Masked by speculation, eased by the great economic contraction in the United States and Europe, the terminal industrial disease known as Peak Oil continues to ravage the industrial world, which has not yet noticed that it is infected, and is just now beginning to feel a little woozy. Peak oil is a little like the Ebola virus — by the time you feel the symptoms, you’re dead.
If you look, you will find the symptoms. Our politicians and our media will not look, the politicians because they are wholly owned by big oil and its subsidiaries, the media because it’s such a downer. But you can look. Here are some of the things you will find:
* Unremarked by the general media and unnoticed by the general public, US reserves of oil and oil products are tightening implacably, despite the lower demand levels because of the great contraction. Eleven million barrels vanished from this reserve in a recent week. Gasoline prices at the pump remain about 60 cents per gallon higher than a year ago, and crude oil prices continue to hold, in general, $25 per barrel higher than last year.
* The expected easing of demand for oil by China and India as a result of the slowing (finally!) of their economic expansion, has not happened. The reason is widespread and desperate power shortages across Asia. Such things as drought (which has reduced China’s hydroelectric output by 25%), the Fukushima nuclear disaster and a nearly total meltdown of Pakistan’s grid have made power generation with diesel fuel essential to the survival of large numbers of people.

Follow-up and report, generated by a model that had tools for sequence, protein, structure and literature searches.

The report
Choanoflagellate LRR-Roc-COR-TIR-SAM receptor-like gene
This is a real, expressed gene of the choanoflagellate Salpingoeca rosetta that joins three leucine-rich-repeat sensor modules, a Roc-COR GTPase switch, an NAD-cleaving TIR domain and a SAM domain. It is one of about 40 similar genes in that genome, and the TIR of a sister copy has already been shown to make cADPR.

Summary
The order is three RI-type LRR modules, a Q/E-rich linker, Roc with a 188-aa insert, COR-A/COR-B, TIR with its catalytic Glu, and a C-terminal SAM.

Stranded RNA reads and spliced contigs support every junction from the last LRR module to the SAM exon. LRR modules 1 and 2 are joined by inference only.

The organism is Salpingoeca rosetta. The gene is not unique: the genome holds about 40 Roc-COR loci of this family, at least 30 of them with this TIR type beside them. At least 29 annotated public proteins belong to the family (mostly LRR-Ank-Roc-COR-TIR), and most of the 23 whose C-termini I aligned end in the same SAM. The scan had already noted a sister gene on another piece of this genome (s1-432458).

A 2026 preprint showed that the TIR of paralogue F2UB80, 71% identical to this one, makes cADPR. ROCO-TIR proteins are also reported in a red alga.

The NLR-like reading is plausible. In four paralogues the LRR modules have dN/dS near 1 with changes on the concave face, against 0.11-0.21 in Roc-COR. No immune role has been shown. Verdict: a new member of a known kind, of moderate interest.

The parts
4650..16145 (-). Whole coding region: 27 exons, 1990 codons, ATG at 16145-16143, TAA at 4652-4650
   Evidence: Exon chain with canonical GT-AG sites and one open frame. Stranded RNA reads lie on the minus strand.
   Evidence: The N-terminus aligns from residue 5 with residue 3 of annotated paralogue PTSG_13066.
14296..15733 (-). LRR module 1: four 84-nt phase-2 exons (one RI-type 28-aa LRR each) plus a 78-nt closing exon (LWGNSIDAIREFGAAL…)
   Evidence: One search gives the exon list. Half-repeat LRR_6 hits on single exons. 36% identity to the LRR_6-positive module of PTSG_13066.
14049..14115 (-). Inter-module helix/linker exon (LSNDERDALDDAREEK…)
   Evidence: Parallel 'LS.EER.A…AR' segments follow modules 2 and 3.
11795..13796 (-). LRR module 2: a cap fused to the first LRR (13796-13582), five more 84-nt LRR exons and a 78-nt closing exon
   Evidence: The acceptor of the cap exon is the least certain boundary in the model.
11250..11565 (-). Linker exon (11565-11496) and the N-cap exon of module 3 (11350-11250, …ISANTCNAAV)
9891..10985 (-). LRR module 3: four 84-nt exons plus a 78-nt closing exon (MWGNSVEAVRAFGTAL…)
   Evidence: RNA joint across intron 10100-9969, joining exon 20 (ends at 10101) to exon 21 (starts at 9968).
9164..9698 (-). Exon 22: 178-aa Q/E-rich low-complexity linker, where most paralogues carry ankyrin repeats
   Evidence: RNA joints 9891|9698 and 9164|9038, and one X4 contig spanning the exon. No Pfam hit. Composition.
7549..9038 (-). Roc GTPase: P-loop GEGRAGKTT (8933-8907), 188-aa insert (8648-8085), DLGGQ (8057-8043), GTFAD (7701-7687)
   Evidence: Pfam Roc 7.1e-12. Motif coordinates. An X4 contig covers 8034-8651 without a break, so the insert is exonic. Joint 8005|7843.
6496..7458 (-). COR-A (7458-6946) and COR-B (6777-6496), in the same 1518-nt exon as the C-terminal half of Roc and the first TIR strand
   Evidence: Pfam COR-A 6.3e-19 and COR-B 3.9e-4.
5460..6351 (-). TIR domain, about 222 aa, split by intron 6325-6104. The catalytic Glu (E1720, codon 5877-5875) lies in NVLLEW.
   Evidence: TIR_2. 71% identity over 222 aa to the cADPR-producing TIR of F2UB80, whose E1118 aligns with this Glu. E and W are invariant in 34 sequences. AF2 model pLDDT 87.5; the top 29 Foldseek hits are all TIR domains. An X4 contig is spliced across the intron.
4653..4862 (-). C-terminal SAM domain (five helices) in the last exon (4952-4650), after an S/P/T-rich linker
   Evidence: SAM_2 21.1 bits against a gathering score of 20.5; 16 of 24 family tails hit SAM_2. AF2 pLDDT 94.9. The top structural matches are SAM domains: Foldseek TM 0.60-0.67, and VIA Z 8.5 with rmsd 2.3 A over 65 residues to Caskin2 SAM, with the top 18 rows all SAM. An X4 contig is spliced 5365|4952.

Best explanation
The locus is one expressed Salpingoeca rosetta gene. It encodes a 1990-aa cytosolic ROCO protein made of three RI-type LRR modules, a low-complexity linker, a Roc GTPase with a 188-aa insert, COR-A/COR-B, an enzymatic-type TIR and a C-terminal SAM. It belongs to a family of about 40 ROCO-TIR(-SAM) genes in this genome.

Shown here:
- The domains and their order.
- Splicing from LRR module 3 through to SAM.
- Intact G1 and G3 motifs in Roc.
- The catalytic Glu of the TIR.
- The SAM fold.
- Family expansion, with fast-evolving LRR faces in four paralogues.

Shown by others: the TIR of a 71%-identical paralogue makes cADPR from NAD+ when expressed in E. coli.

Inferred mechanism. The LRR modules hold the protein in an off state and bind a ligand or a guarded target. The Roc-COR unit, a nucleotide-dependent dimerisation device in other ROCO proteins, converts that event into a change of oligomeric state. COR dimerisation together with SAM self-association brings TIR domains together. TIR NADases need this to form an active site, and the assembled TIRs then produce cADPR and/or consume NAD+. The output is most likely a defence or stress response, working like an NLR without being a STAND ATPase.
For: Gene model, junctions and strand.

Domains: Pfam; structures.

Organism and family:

* The International Energy Agency — an intergovernmental agency created by the Organization for Economic Cooperation and Development (OECD) after the 1973 oil crisis to help member governments avoid a repeat — has stopped sugar-coating energy statistics and is becoming ever more agitated in its pronouncements. In June it warned that unless OPEC could increase production by at least 1.5 million barrels per day, world oil consumption would for the first time surpass production. OPEC didn’t, and it did.
The implications of that single fact — the world is now using more oil than it can possibly, ever, get to market — are beyond appalling.
* Moreover, also according to the IEA, unless oil producers invest an astronomical amount of money in the oilfields of the likes of Libya, Iraq, Iran and yes, Saudi Arabia, the situation will get precipitously worse. The likelihood of those investments being made is dramatically reduced by the lack of security in many of the oilfields, and by political complications.
In other words, says the IEA, brace for impact. An impact that may well come sooner and hit harder (in the industrialized world) than anything global climate change has to offer.